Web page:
Going through surgery for a fractured hip, a damaged knee or any other orthopaedic injury is painful enough. Having to also maneuver through the maze of medical facilities and programs to choose the right hospital and best rehabilitation option makes the process even more difficult. In order to make the patient’s journey easier, OrthoVirginia — the largest orthopaedic physician specialty group in Virginia — along with Bon Secours Memorial Regional Medical Center and Hanover Health & Rehabilitation Center, has created a collaborative pathway for patients to move smoothly from surgery to rehabilitation and back to their homes.
To maximize the benefits a patient can get from a stay in a rehab facility, Hanover Health & Rehabilitation offers a focused physical therapy program called Fast Track Ortho that is designed to facilitate the patient’s return to optimum strength and mobility in the most efficient way possible. Patients in this program can usually return to independent living with no need for in-home assistance in a much shorter time frame than was previously possible.
Lorraine Albertson, of New Kent, raises miniature schnauzers, and her five dogs are a handful. To keep them out of her living room, Albertson installed a baby gate. In September 2014, she stepped over the gate like she did every day, but this time her foot caught on it. Falling forward, she landed on her hip. The fracture was intensely painful, but on the way to the hospital, she was more worried about who would care for her disabled son, her husband (who was due to have knee surgery) and her dogs while she was unable to.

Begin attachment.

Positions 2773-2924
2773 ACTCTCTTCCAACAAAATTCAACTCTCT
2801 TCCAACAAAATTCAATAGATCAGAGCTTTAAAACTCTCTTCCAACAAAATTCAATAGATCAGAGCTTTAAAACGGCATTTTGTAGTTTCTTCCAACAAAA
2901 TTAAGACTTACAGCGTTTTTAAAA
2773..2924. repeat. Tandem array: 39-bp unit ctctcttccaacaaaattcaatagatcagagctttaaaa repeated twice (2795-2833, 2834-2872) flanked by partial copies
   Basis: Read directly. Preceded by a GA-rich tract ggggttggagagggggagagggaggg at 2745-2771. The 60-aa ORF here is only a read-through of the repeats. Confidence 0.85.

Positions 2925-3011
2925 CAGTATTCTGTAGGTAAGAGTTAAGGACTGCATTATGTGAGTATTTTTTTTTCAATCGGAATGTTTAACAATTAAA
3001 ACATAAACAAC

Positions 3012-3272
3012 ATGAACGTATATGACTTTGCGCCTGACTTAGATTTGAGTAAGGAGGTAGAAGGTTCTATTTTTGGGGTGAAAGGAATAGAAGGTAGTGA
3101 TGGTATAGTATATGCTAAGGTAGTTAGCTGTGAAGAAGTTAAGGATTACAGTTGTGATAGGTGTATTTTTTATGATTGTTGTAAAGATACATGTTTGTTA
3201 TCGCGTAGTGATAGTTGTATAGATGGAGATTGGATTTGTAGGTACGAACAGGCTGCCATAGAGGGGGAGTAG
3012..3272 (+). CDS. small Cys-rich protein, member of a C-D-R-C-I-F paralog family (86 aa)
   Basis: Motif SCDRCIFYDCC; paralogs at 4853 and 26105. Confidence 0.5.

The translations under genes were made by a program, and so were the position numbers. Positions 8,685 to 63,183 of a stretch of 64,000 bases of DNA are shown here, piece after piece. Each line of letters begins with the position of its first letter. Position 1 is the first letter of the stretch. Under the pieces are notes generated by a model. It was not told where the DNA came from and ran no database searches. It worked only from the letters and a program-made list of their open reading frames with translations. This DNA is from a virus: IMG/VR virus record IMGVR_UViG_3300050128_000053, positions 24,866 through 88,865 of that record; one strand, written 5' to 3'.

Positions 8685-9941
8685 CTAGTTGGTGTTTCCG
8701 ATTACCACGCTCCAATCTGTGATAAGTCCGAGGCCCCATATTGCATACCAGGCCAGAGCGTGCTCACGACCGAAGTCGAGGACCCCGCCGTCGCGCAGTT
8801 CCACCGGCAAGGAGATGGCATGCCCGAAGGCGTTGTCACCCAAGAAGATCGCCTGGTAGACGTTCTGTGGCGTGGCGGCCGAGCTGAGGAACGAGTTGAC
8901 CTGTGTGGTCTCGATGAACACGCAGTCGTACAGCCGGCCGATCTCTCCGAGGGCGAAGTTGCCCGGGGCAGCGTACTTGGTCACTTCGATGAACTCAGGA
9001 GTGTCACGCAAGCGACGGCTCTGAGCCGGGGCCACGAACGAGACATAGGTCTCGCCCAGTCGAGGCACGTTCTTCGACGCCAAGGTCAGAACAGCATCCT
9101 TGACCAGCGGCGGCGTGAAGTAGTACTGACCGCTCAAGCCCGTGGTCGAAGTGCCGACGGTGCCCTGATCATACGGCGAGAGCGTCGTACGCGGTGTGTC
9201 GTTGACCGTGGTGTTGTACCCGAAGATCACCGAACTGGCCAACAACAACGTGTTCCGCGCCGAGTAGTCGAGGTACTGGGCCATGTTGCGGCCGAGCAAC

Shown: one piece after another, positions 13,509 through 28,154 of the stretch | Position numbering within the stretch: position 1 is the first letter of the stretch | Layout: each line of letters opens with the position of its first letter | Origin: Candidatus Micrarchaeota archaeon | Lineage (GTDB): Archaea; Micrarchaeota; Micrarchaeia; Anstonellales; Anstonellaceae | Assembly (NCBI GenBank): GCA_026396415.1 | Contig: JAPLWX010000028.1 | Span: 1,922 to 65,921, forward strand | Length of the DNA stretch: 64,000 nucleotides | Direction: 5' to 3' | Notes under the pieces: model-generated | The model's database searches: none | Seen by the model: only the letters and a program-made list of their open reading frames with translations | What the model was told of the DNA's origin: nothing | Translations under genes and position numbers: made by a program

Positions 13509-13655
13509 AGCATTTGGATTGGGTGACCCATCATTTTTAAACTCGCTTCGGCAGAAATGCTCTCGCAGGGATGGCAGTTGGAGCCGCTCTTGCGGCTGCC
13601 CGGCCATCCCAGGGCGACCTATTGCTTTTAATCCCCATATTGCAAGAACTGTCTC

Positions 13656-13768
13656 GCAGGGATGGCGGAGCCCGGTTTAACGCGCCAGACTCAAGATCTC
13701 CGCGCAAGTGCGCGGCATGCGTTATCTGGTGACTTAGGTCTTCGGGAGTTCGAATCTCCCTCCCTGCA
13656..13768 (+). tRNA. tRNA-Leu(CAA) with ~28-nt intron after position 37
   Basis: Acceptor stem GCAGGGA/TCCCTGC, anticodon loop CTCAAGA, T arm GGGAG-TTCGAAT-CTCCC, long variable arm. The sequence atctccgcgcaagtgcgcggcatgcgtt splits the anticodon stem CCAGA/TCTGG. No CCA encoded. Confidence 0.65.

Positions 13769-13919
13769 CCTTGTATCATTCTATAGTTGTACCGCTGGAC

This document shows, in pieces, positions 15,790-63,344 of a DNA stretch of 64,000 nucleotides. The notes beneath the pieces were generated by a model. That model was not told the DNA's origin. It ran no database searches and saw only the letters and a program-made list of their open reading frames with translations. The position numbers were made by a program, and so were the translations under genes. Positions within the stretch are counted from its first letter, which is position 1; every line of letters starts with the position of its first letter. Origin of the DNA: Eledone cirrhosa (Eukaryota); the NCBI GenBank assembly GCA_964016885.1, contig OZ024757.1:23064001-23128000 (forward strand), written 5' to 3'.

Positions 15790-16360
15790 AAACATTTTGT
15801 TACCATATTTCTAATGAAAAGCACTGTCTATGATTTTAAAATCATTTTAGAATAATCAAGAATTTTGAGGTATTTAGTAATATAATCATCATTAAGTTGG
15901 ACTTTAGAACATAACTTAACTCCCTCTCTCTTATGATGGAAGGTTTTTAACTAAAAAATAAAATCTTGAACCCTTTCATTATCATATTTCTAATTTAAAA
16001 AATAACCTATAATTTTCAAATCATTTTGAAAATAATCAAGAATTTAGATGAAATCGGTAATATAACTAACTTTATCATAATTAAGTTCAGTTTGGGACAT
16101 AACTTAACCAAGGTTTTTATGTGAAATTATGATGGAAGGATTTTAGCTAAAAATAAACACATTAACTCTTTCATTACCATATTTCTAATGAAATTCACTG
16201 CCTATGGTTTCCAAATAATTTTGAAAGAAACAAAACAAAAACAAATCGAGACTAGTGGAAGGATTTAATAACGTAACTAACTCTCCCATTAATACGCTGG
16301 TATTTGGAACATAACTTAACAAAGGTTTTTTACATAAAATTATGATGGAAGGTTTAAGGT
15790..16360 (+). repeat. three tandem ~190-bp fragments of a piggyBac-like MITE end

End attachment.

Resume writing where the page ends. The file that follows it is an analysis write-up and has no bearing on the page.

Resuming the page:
Albertson was taken to Bon Secours Memorial Regional Medical Center. The fracture was a bad one, and doctors recommended a hip replacement. The average hospital stay for hip replacement surgery is three to four days, followed by physical therapy that can be delivered either in the home or in a rehab facility. While getting home quickly was important to Albertson, she needed to be sure she would return to complete mobility so she could care for her family.